Upstream, a massive development project risks disrupting this supply. The Grand Ethiopian Renaissance Dam (GERD), constructed on the Nile, can hold up to 74 cubic kilometers of water–the equivalent of over one and a half years of the Nile’s flow. It began partial hydropower operations in February of this year. The dam holds a crucial role in Ethiopia’s development plan, and in its self-perception. It is expected to ultimately cost more than $5 billion—7 percent of Ethiopia’s GDP in 2016—and, with the exception of a $1 billion loan from China, it has been financed entirely by Ethiopians after Western lenders opted not to get involved. Ethiopia is now in its second year of a devastating civil war. The dam serves as a symbol of Ethiopian unity. Nearly 60 percent of Ethiopia’s population does not have access to electricity; the dam will provide them, and the wider region, with a renewable source. Some estimates have suggested that electricity exports could eventually earn Ethiopia up to $1 billion per year.
Ethiopia has conducted two fillings of the dam so far, and expects to hold its third in summer 2022. Each filling has been undertaken unilaterally. Ethiopia was not a party to the colonial-era treaties governing use of the Nile’s water, and multi-year efforts to mediate an agreement have not yielded any result. Ethiopia’s prime minister, Abiy Ahmed, insists that once filled, the GERD will allow water to continue flowing without affecting the downstream countries. During the filling process, however, the amount of water downstream will inevitably be affected, especially if the dam is filled more quickly: currently, eager to reap the dam’s benefits, the GERD is expected to be filled in four to seven years. Studies suggest that Egypt’s food production from irrigated agriculture could be reduced by between 19 and 28 percent during filling. Another study suggests that a reduction in the Nile’s flow may see it fall beneath the Mediterranean, increasing salination.
This summer’s filling of the dam will come at an extremely fraught time. For Egypt, the dam has long been described as an existential threat. At a 2020 UN Security Council meeting, Egypt’s Foreign Minister warned that conflict could be expected unless a multilateral agreement is reached, and in 2021, Egyptian President al-Sisi had to urge Egyptians calling for war to stop talking “nonsense.” With food prices rising, however, and Egypt’s dependence on the Nile’s water greater than ever, calls for action are likely to increase.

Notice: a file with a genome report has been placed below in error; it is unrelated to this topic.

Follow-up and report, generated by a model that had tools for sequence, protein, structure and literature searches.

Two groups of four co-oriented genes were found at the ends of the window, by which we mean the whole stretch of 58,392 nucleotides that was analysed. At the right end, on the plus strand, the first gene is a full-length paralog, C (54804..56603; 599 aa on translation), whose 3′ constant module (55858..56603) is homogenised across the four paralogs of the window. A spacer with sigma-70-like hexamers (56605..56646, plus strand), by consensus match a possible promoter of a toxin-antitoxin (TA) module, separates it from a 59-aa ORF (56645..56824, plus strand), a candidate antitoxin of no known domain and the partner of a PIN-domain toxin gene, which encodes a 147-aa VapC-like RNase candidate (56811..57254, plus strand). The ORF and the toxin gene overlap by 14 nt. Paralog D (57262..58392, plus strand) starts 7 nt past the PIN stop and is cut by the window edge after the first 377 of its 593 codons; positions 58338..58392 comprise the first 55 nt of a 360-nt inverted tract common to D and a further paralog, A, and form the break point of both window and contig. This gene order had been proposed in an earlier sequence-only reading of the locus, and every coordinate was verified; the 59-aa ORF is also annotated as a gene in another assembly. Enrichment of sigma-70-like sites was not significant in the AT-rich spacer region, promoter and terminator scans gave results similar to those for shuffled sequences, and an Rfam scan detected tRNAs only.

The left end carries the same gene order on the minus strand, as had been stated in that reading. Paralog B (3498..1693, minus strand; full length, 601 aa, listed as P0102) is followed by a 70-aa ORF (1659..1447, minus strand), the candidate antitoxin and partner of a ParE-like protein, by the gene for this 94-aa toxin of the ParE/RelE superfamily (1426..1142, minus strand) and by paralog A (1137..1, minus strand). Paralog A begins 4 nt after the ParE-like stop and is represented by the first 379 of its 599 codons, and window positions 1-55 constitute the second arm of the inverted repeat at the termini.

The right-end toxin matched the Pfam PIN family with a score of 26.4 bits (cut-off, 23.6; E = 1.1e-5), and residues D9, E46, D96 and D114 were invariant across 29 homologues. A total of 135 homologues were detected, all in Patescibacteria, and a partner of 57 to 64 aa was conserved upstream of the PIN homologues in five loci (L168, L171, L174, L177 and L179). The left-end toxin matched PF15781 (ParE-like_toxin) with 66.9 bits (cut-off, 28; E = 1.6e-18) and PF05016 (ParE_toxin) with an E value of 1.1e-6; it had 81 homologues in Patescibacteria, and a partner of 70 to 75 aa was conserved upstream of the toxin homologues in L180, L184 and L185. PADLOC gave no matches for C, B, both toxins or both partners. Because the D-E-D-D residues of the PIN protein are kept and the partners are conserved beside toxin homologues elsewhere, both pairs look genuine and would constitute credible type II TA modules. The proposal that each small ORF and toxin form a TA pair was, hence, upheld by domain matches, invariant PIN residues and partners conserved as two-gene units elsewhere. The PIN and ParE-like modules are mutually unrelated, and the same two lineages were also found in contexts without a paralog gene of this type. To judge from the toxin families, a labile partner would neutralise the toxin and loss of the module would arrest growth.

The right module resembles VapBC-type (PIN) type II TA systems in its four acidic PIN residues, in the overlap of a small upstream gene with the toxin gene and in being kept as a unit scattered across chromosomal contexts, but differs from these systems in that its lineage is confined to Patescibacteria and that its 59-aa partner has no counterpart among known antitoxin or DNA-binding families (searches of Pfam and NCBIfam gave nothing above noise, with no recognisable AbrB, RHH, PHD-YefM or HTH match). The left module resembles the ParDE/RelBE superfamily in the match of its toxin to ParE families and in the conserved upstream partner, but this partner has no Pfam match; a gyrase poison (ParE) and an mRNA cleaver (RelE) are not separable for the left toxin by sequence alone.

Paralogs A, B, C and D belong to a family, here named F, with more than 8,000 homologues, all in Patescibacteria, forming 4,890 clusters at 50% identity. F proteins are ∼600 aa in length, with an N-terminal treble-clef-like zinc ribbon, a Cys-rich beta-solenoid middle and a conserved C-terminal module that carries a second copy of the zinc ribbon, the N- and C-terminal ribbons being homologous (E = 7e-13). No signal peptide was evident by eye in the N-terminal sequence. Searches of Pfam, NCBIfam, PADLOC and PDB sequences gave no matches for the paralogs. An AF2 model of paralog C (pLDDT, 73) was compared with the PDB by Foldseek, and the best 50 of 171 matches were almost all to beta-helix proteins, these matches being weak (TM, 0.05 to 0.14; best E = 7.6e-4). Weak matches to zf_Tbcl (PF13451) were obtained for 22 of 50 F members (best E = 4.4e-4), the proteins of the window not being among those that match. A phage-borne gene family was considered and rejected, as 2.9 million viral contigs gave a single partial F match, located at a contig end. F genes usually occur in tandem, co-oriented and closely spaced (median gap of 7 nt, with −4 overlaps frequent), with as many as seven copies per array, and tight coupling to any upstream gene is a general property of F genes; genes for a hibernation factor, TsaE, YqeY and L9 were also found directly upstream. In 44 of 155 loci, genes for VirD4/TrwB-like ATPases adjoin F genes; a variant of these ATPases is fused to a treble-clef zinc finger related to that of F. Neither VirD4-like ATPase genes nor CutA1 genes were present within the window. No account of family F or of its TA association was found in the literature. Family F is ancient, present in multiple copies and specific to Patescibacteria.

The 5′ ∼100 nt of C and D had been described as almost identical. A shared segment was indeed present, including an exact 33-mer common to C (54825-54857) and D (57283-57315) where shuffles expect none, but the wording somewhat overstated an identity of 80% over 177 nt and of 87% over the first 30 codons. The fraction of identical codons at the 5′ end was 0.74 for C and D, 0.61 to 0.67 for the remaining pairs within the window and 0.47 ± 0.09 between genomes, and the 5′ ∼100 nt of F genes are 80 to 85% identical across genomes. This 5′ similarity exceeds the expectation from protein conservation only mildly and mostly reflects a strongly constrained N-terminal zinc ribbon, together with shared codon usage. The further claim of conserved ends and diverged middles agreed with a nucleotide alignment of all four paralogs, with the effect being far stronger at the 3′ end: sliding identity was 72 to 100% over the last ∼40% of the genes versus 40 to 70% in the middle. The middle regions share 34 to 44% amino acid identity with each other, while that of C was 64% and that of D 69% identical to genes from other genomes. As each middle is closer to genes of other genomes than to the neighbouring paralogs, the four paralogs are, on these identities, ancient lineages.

It is crucial that any action taken is constructive. In theory, the GERD could be of immense benefit to all countries in the region. Its power generation has the potential to be developmentally transformative. The store of water could smooth the Nile’s flow, reducing the likelihood of destructive floods downstream, and releasing held water during droughts— of particular relevance to Sudan. The dam could usefully foster interdependence between Sudan, Egypt, and Ethiopia. It could also, however, be used as a geopolitical tool: political scientists are already discussing Ethiopia’s potential role as a “water hegemon.”
If Northeast Africa is to remain stable, there is no alternative but for Ethiopia to pledge to use the GERD in a way that respects the needs of the other countries on the Nile. This will require willingness to fill the dam more slowly to reduce the possibility of a water shortage, especially during the approaching period of heightened food insecurity. It will also require a formal commitment from Ethiopia pledging to release an adequate amount of water each year.
Numerous rounds of talks, with multiple mediators, have not yet produced any results. Most accounts have blamed Ethiopian unwillingness to compromise. International actors must re-engage in all ways possible to incentivise an equitable, and peaceful, outcome. Further instability in the Horn benefits no one. Wider international funding could also be used to assist Egypt’s transition towards more efficient agricultural practices and water usage, to reduce the risks posed by filling periods and by future droughts.
The GERD holds enormous potential. Ethiopia, and the wider region, has great need of it. But if it is to fulfil its promise without triggering conflict, compromise will be necessary—this summer, more urgently than ever. Efforts from the international community to assist this process could help head off a crisis and reap benefits for decades.
CGD blog posts reflect the views of the authors, drawing on prior research and experience in their areas of expertise. CGD is a nonpartisan, independent organization and does not take institutional positions.